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Welcome to the 2017 DLF Forum, the LACs/HBCUs Pre-Conference, and NDSA’s Digital Preservation 2017!

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Tuesday, October 24 • 2:00pm - 2:55pm
#t5b: Islandora: Community and Collections

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Islandora: Community and Collections
Martha Tenney(1), Robin Naughton. PhD(2), Audrey Sage Lorberfeld(2), Joanna DiPasquale(3), David Keiser-Clark(4), Adam Traub(5), Margaret Graham(6), Diego Pino Navarro(7)
1: Barnard College, United States of America; 2: New York Academy of Medicine, United States of America; 3: Vassar College, United States of America; 4: Williams College, United States of America; 5: University of Rochester, United States of America; 6: Drexel University College of Medicine; 7: Metropolitan New York Library Council
 
This panel will invite discussion of Islandora as a tool for creating projects that broaden access to and bolster preservation of important collections as well as an open-source community that lowers barriers to entry for small institutions developing digital library programs.

Islandora is an open-source software framework designed to help organizations and their communities of users collaboratively manage and discover digital assets. Islandora was originally developed by the University of Prince Edward Island's Robertson Library, but is now implemented and contributed to by an ever-growing international community. This panel will invite discussion of Islandora as a tool for creating projects that broaden access to important digital collections as well as an open-source community that lowers barriers to entry for small institutions developing digital library programs.

Panelists will discuss difficulties associated with developing robust, standards-based digital collections on small budgets with few developers as well as recent efforts  to make Islandora adoption more attainable. Panelists will specifically touch on Islandora projects that engage critically and creatively with hegemonic narratives in order to surface lesser-heard voices from their collections. This panel will bring together multiple threads often separated in digital library discussions: development, design, accessibility, curation, metadata, linked open data, labor, and outreach. In addition to the focus on Islandora, this panel will also highlight the work of small institutions with one or fewer full-time developers on staff. Lightning-style presentations (a few minutes each) will allow for an extended panel discussion, audience questions, and conversation (with participants at DLF and with the broader community beyond DLF).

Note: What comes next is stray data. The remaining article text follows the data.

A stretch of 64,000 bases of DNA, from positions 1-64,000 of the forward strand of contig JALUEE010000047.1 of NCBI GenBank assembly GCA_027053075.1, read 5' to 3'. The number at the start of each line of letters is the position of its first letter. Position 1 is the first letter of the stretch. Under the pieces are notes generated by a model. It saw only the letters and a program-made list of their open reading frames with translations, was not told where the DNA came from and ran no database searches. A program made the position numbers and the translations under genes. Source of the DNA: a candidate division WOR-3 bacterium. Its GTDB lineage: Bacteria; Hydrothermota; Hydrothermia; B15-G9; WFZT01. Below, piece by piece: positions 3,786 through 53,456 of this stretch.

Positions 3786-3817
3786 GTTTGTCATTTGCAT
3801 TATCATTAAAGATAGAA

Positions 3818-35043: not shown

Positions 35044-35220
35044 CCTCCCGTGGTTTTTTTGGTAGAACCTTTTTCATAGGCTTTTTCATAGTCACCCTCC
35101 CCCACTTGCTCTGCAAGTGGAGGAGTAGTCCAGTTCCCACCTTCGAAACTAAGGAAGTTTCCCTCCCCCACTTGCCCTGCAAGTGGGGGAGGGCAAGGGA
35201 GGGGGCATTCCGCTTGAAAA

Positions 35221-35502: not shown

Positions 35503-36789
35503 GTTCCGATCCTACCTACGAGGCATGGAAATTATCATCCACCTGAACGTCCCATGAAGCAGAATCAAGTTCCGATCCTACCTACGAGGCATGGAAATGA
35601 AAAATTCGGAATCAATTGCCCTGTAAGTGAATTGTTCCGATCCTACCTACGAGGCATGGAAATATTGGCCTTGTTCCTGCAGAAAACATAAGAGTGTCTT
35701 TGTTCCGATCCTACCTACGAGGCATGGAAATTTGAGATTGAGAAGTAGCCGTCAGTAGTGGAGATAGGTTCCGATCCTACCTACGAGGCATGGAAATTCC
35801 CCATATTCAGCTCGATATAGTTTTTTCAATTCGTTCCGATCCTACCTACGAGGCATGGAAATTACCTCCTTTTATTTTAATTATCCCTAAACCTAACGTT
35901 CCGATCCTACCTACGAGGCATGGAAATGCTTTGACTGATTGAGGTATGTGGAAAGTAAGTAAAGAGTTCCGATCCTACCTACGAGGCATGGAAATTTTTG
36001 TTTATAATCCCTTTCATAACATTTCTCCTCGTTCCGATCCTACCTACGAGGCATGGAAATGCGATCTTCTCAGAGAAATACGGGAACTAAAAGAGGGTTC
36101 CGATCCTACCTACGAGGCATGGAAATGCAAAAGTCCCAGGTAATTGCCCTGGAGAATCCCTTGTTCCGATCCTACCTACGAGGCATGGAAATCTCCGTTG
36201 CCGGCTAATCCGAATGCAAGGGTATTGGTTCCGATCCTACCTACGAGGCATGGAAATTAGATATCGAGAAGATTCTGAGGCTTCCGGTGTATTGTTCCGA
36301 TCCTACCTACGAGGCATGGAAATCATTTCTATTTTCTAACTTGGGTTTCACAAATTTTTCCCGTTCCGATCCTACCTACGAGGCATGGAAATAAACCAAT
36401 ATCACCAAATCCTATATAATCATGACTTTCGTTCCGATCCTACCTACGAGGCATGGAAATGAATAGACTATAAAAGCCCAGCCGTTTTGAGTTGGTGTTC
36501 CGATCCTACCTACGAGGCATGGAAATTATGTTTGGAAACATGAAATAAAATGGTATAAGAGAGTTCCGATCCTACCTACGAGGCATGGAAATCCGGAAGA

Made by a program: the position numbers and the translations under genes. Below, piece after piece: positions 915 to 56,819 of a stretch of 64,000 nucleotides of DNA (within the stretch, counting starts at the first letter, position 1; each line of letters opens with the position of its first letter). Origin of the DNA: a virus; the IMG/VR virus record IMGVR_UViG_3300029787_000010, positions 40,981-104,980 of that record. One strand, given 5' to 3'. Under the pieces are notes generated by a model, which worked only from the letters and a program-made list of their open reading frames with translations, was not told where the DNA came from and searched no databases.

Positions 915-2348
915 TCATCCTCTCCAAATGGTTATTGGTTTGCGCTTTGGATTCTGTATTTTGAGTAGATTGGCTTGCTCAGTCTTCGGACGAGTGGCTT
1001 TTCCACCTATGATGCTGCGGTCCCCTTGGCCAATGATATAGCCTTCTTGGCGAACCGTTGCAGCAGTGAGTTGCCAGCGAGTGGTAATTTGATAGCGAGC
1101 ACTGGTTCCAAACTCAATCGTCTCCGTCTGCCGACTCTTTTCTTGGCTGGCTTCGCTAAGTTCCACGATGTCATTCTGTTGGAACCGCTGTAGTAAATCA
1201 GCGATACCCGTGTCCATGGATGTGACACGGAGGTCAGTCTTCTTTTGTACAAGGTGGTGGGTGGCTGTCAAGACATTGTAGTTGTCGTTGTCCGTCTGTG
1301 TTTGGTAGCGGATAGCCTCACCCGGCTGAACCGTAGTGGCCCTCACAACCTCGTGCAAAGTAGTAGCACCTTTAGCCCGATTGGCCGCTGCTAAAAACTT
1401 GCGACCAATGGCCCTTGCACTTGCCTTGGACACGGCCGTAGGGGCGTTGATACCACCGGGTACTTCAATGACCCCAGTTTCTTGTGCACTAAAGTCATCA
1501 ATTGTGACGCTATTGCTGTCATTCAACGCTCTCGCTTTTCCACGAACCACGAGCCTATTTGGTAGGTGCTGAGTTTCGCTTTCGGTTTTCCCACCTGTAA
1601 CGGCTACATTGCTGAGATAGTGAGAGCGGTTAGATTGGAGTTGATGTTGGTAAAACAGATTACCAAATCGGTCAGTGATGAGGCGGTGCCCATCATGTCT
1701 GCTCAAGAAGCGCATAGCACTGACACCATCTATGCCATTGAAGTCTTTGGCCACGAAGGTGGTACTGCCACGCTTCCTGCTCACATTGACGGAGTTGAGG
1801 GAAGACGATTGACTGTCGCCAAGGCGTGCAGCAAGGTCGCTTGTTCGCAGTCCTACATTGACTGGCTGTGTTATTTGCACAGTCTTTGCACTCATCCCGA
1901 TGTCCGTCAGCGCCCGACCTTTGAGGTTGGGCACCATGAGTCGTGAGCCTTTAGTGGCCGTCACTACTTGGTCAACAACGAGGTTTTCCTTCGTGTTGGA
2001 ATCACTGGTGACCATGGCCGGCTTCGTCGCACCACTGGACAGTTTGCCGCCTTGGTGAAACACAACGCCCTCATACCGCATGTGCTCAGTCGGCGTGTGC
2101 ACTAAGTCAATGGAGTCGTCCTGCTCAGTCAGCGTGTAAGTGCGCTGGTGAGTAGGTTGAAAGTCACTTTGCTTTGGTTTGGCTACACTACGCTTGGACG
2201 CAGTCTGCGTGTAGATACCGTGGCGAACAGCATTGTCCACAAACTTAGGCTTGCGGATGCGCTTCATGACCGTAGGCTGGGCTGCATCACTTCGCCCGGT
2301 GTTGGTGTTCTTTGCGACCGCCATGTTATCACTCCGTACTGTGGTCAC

Lightning talks topics will include:

The Metropolitan New York Library Council has recently embarked on extensive Islandora development, looking toward Fedora 4 implementation. Using real-world library use cases, this discussion will place Islandora in a wider repository context and explore a how it fits into the landscape of linked open data and national projects such as DPLA as an open, out of the box, multidisciplinary, multi-content driven platform for collaborative data sharing and publishing.